- The pointlessness of suffering: Once again, a home run over at First Things — this time on the problem of pain and suffering in Christianity:
Which is to say that there the already of salvation history: He is risen! and the not yet. And the not yet entails suffering in this passing — suffering that is often unjust and seemingly pointless, but in the hands of a sovereign and Good God a tool to conform his children to the image of his Only Begotten, the true purpose of their predestination. (So as not to be misunderstood, because suffering falls within the permissive will of God, and can even be used by him for ultimately good ends, is no excuse for complacency; the alleviation of pain, done in the name of Jesus, is, like preaching and teaching, a heralding of the kingdom and a diffusion of hope.)
Now, a sovereign God does not displace secondary causes in Christians’ thinking about how the world works. Shifting tectonic plates do give rise to earthquakes and tsunamis. But Christians also believe God continues to intervene in the affairs of his creatures and does so to remind them that the world and its horrors are not beyond his purview, and that the saved child and the answered prayer is a foretaste of the age to come, in which every tear shall be wiped away and the body will no longer be an occasion of sin or pain.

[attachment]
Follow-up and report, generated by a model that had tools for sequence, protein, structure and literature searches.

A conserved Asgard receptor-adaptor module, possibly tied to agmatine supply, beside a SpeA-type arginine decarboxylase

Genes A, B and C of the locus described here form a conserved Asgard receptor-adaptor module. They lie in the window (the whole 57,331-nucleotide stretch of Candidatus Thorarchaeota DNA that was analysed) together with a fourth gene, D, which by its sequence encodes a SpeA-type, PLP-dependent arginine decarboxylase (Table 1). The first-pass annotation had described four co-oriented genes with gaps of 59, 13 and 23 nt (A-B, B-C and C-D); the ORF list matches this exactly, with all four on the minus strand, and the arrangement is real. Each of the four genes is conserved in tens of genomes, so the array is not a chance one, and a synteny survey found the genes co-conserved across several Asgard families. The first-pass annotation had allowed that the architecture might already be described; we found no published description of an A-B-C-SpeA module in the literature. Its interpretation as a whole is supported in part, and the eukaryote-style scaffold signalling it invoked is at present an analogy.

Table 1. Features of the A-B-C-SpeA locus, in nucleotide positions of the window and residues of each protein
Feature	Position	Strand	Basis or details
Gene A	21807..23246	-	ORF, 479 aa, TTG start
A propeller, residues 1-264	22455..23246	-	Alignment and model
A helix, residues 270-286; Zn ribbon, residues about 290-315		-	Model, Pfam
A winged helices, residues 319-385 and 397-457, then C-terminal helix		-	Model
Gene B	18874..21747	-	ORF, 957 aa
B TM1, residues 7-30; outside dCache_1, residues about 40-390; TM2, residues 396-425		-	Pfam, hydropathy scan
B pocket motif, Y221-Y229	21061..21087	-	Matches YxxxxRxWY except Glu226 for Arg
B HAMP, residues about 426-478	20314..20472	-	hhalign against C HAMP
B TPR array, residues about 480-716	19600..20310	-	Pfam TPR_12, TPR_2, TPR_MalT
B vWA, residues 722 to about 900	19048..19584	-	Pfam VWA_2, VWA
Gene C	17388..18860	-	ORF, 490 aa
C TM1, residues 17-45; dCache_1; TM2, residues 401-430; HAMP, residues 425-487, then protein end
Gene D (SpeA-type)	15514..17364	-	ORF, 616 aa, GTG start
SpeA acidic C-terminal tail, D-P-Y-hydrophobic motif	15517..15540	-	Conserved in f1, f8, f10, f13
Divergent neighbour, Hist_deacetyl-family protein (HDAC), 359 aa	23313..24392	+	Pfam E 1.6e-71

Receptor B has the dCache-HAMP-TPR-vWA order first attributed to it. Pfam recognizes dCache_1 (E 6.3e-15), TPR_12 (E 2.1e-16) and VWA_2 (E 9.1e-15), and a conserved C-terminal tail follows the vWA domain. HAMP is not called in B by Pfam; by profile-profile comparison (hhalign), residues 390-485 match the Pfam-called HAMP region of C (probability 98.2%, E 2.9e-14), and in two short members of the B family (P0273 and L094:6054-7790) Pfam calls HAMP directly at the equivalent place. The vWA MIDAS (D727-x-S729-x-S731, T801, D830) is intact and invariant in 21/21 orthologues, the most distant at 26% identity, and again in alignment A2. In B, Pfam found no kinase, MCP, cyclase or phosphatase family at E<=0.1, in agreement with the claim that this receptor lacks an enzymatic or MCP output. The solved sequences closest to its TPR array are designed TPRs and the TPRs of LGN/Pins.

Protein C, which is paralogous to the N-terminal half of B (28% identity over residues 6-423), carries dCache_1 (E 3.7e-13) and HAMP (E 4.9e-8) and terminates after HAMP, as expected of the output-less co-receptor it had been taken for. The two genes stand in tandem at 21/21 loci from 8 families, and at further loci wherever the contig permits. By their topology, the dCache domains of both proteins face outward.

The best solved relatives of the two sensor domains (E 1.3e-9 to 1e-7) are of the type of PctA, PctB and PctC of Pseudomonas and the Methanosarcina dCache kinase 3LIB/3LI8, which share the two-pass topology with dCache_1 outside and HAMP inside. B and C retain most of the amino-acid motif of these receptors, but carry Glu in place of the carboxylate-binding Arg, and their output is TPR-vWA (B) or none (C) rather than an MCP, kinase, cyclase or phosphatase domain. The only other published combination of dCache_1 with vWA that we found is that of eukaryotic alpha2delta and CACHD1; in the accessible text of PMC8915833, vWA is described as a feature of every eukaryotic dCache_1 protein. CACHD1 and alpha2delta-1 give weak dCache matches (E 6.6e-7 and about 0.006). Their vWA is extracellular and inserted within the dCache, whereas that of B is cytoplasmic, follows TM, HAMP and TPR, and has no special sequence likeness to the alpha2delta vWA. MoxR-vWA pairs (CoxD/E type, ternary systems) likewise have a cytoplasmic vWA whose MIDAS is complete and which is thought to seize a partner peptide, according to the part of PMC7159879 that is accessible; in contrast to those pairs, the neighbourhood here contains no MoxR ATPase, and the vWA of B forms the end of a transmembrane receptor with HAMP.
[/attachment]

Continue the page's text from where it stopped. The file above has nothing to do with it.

But a foretaste only. Which is why sometimes only one child is saved. And why only Lazarus is raised from the dead. They are signs of this already, while the rest endure the not yet. Hints, whispers, and still small voices until the full number of the Elect have come into the Kingdom and the very last fundamentalist Darwinian has raged.
- Such a deal:
An Arab, desperate for water, was plodding through the desert when he saw something far off in the distance. Hoping to find water, he walked toward the object, only to find a little old Jewish man at a small stand selling neckties.
The Arab asked, “Do you have water?”
The Jewish man replied, “I have no water. Would you like to buy a tie? They are only $5.”
The Arab shouted, “Idiot Jew! Israel should not exist! I do not need an overpriced tie. I need water! I should kill you, but I must find water first.”
“OK,” said the old Jew, “it does not matter that you do not want to buy a tie and that you hate me. I will show you that I am bigger than that. If you continue over that hill to the east for about two miles, you will find a lovely restaurant. It has all the water you need. Shalom.”
Muttering, the Arab staggered away over the hill. Several hours later he staggered back, near collapse.
“Your brother won’t let me in without a tie.”
(HT: Mr Bagel Funnies)
- Well, they don’t kill everybody: 100-year-old celebrates her birthday by smoking 170,000th cigarette
- The doctor will see you — eventually: Why our current health care system promotes scheduling inefficiency and long waiting-room times. Waiting for the doctor.
- How to avoid getting a DUI: Drunk dad has 11 year old drive home
- Don’t wear this one to a Greenpeace protest: Exploit the Earth or Die Merchandise
That’s all for now — have a great week, and God bless.